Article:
On Friday North Korea threatened to take “corresponding measures” if the UN Security Council adopts another sanctions resolution in reaction to the North’s test-launch of an Intercontinental Ballistic Missile (ICBM) on July 4.
The North’s foreign ministry said in a statement carried by the official KCNA news agency that the ICBM test was an exercise of its legitimate right to self-defense against nuclear threat from the United States.
The U.S. has been trying to get China and Russia to back a new UN Security Council resolution imposing stiffer sanctions on North Korea following its latest missile test.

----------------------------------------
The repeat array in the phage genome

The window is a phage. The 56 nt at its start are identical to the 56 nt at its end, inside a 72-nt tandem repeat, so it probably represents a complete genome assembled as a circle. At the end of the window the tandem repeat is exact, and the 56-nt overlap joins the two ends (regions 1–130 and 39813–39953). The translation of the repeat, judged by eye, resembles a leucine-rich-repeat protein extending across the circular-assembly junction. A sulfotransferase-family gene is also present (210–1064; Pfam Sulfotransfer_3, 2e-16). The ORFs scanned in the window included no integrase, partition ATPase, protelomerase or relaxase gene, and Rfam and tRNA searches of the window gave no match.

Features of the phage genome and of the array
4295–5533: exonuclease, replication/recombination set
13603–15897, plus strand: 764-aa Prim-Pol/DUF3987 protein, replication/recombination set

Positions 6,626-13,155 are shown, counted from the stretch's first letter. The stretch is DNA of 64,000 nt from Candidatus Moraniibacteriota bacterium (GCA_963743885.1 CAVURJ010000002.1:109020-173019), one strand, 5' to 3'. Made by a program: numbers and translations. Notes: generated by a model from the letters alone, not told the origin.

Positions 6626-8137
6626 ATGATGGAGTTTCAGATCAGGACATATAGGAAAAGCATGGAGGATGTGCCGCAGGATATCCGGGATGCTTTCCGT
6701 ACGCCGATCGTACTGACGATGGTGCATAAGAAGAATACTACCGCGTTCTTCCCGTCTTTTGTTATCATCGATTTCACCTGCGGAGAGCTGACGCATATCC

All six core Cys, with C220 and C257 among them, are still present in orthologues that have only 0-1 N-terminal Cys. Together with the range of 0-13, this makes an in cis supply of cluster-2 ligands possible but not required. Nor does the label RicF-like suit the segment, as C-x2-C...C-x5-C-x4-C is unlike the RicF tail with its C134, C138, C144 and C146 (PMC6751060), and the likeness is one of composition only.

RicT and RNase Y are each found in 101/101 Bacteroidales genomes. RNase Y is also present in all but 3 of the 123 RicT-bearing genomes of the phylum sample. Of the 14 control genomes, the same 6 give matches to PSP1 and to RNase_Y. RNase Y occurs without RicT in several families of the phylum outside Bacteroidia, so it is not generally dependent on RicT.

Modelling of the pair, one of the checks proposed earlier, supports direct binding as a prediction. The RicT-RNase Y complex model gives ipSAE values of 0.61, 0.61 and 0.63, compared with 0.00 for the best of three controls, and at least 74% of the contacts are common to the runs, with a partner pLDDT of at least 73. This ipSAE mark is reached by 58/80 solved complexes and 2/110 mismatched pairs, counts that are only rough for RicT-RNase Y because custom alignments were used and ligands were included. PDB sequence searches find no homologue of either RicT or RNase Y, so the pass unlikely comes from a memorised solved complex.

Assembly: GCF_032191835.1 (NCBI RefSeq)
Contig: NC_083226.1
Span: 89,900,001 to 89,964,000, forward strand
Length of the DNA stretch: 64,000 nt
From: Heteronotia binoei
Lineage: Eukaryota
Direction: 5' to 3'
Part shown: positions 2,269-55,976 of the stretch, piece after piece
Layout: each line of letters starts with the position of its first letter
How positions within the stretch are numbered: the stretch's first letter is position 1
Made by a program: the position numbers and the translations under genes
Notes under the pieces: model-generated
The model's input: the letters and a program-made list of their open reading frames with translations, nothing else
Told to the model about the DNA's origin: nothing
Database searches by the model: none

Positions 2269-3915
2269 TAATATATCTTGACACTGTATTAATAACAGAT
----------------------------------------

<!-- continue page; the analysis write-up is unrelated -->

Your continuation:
During a Security Council meeting on July 7, U.S. ambassador to the UN Nikki Haley, threatened secondary sanctions if the council could not agree on new sanctions.
On June 3, the council voted to broaden sanctions on North Korea in a unanimous decision from the council’s 15 member nations.
The new sanctions applied to a travel ban and asset freeze to 14 people and four North Korean entities.
Among the blacklisted officials is the head of North Korea’s overseas spying operations, senior members of North Korea’s Workers’ Party, and heads of trading firms that have funded North Korea’s military program.
Blacklisted entities include two trading firms, the Strategic Rocket Force of the Korean People’s Army, and the Koryo Bank, which is tied to an organisation that manages the private finances of North Korean officials, including the nation’s president, Kim Jong Un.